MINNEAPOLIS (WCCO) — Nearly 200 cities across the country, including six in Minnesota and western Wisconsin, are using a tech tool to keep an eye on what you say online.

Brooklyn Park and Woodbury have contracts with the company Zencity, which, according to its website, uses artificial intelligence to aggregate social media posts and comments about things happening in the community.

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Matt Rabe is a community engagement officer with the Brooklyn Park Police Department who oversees the Zencity deal.

“One of the things we wanted to focus on was … how can we augment our messaging to increase that trust, increase that legitimacy and raise that positive sentiment,” Rabe said.

BPPD contracted with Zencity in December 2020. The company says everything it gathers is public. It then produces reports for its clients that analyze the discourse on a given topic. No one is individually identified in the reports.

“Someone who says, ‘I hate the Brooklyn Park Police Department,’ we’d be able to see [that] negative sentiment,” Rabe said.

A typical analysis includes the total number of interactions on a topic, and it breaks down opinions. The city of St. Paul is using Zencity on a free, six-month trial basis.

Don Gemberling, a St. Paul resident and privacy advocate, says what Zencity does is like hearing every conversation at a cocktail party all night — and he doesn’t think that’s right.

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Woodbury has used Zencity since January, according to city communications manager Jason Egerstrom.

“I think it’s been a very useful tool for us,” Egerstrom said. “I think it helps us communicate with the public better.”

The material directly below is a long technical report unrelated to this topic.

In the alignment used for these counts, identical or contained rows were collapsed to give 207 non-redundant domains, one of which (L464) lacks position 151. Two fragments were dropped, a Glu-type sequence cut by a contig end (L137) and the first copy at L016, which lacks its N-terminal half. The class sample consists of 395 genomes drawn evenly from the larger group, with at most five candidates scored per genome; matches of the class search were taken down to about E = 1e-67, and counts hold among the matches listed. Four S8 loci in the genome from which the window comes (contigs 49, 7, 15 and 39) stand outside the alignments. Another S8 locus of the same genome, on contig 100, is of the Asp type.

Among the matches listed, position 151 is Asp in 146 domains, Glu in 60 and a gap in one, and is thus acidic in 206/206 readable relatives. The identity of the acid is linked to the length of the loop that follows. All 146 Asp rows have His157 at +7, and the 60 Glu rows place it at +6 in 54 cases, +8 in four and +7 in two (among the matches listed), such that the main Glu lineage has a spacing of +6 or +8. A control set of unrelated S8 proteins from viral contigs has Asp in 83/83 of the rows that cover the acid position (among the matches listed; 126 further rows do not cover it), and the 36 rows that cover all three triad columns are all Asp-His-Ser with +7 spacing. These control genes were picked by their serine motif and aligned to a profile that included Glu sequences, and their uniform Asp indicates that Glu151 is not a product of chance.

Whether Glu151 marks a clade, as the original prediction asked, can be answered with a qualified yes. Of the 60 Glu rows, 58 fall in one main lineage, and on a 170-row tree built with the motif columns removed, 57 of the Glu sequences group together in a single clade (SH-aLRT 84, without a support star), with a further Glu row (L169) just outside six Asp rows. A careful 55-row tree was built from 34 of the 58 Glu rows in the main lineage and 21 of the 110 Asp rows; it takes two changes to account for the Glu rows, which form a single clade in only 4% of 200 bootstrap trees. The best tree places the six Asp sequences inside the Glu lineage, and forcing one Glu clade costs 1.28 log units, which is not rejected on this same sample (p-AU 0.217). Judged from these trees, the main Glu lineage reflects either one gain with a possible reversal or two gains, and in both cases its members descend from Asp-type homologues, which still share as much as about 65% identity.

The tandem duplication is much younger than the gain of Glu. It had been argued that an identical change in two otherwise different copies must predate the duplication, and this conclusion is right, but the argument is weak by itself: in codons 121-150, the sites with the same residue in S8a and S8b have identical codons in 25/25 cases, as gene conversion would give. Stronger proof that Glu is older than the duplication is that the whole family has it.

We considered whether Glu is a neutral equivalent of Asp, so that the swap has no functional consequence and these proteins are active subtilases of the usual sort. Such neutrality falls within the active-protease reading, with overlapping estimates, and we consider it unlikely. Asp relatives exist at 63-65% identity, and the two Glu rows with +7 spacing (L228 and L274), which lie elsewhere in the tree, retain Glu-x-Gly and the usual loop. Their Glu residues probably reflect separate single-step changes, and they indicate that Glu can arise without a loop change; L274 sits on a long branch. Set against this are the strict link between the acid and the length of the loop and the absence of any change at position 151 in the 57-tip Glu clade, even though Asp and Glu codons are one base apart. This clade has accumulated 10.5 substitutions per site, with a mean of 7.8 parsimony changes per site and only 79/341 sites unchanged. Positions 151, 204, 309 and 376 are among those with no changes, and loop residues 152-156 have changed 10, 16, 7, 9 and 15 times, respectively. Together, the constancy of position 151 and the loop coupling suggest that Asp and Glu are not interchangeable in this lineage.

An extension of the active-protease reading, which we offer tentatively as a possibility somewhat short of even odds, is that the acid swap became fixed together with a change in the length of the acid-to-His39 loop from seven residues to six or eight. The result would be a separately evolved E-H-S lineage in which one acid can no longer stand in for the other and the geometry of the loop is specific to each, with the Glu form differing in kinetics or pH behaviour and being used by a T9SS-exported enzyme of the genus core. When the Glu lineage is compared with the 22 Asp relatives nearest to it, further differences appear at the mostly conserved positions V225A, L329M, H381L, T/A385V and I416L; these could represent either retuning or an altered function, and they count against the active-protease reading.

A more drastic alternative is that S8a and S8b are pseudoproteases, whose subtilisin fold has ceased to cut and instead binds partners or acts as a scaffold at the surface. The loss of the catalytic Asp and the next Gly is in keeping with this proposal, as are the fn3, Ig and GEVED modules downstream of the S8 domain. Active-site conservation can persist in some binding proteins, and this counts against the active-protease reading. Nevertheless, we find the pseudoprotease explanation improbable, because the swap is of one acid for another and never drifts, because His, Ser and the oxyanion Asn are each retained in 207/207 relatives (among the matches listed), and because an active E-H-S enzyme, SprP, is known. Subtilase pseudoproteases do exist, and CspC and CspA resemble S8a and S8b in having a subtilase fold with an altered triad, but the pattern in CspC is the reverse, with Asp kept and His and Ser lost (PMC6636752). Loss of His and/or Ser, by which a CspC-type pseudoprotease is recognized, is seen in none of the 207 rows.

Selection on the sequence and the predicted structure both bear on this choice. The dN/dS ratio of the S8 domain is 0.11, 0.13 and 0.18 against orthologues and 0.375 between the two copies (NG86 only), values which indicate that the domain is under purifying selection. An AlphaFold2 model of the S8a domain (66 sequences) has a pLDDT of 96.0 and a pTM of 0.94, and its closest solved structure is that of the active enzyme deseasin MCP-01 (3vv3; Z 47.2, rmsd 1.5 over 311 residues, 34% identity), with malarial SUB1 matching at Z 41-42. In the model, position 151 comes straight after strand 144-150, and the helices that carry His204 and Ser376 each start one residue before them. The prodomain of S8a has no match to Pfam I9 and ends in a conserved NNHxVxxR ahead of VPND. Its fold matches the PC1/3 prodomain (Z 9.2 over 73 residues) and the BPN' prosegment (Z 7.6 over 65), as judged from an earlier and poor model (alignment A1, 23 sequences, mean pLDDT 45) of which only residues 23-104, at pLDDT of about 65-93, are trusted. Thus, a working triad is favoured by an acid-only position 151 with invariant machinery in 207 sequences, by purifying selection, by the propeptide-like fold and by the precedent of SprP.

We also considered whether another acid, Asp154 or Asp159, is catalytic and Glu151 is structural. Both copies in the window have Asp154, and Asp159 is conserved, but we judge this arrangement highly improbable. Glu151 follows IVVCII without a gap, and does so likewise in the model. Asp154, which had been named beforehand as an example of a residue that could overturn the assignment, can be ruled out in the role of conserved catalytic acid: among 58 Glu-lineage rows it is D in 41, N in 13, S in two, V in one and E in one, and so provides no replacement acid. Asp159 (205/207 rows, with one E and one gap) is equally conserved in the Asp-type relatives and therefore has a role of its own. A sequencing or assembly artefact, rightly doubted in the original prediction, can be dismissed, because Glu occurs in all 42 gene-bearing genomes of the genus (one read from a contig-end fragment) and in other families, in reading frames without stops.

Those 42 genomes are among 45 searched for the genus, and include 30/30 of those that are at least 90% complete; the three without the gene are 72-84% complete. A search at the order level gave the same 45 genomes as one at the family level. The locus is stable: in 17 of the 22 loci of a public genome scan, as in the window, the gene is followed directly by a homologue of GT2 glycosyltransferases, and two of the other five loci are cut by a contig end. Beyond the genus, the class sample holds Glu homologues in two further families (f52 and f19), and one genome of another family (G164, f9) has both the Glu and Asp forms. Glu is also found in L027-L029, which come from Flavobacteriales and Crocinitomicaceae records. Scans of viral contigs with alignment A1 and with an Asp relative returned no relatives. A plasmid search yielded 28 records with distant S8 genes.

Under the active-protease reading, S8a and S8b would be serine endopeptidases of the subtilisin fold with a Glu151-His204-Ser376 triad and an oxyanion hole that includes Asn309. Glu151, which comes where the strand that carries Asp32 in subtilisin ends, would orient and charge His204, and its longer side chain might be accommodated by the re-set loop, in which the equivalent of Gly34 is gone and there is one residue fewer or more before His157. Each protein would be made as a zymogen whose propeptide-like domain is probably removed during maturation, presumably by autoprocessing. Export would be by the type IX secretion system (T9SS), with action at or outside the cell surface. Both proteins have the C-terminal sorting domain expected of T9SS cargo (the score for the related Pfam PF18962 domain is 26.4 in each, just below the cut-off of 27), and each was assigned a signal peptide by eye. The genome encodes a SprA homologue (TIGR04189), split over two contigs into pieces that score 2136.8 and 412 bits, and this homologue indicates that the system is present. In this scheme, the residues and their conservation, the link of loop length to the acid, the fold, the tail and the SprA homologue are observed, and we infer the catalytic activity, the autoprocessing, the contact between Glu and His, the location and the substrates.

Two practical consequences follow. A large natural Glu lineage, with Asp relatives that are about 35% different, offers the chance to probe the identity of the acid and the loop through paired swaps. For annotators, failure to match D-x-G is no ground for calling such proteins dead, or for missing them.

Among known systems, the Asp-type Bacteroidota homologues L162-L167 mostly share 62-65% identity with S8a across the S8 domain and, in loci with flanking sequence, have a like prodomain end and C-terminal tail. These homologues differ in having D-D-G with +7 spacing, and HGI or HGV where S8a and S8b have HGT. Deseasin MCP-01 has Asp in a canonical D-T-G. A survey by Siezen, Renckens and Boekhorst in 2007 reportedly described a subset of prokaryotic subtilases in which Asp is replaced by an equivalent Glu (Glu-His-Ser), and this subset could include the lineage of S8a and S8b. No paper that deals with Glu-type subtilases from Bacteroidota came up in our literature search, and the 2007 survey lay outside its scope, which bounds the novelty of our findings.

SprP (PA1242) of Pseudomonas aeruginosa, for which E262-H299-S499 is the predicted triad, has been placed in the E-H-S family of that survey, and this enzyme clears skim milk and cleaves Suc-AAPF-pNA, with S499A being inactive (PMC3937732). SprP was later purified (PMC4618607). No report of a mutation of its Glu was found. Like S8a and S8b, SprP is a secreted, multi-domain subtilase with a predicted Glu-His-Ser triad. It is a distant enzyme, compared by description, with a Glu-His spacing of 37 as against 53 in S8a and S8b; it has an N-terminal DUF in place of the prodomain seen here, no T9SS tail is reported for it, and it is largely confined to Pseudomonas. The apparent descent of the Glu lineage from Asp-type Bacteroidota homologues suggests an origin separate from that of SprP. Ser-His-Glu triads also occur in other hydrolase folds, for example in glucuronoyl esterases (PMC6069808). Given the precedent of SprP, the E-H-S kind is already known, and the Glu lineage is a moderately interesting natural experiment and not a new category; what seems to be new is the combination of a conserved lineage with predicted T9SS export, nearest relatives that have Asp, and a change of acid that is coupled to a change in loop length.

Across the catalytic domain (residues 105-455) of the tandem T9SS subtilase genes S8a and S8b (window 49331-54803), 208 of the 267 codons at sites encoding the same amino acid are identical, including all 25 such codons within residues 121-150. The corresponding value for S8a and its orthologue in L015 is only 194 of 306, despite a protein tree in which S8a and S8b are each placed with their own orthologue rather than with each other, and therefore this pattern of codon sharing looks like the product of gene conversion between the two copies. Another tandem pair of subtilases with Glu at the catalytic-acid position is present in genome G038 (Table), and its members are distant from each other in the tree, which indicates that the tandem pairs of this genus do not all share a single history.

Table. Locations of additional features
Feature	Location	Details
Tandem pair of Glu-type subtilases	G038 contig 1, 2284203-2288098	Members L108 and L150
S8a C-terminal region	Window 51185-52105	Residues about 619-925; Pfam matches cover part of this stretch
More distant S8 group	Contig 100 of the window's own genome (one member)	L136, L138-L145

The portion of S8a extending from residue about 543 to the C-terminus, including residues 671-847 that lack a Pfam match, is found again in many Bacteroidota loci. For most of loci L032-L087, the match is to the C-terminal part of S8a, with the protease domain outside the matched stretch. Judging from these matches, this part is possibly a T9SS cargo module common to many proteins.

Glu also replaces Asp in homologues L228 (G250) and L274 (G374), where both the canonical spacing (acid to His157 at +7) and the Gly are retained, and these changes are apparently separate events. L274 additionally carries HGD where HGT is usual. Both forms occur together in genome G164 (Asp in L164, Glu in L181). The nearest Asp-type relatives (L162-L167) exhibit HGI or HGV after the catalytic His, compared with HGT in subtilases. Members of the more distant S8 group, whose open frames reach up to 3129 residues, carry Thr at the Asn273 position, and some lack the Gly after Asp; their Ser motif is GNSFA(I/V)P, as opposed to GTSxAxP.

Woodbury didn’t communicate to the public that it started using Zencity’s services. Neither did St. Paul nor Brooklyn Park.

“The people who sell the message, ‘We shouldn’t worry about this,’ part of their message is always transparency,” Gemberling said. “But if you don’t do transparency, then how do you mitigate the issues?”

A St. Paul spokesperson says the city won’t be renewing the trial when it expires at the end of next month. Woodbury’s city council approved paying $16,000 for its yearlong contract. Brooklyn Park is paying $18,000 for a yearlong contract. Rabe says the money comes from the police and communications budget, and the contract did not require city council approval.

According to its website, Zencity also counts Rochester, North Mankato and Eau Claire, Wisconsin as customers.

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A Zencity spokesperson told WCCO in a statement, “Community feedback is vital to local government leaders, and Zencity and our partner cities believe that the ability to show up at a meeting should not prevent anyone’s voice being heard in the halls of power.”

David Schuman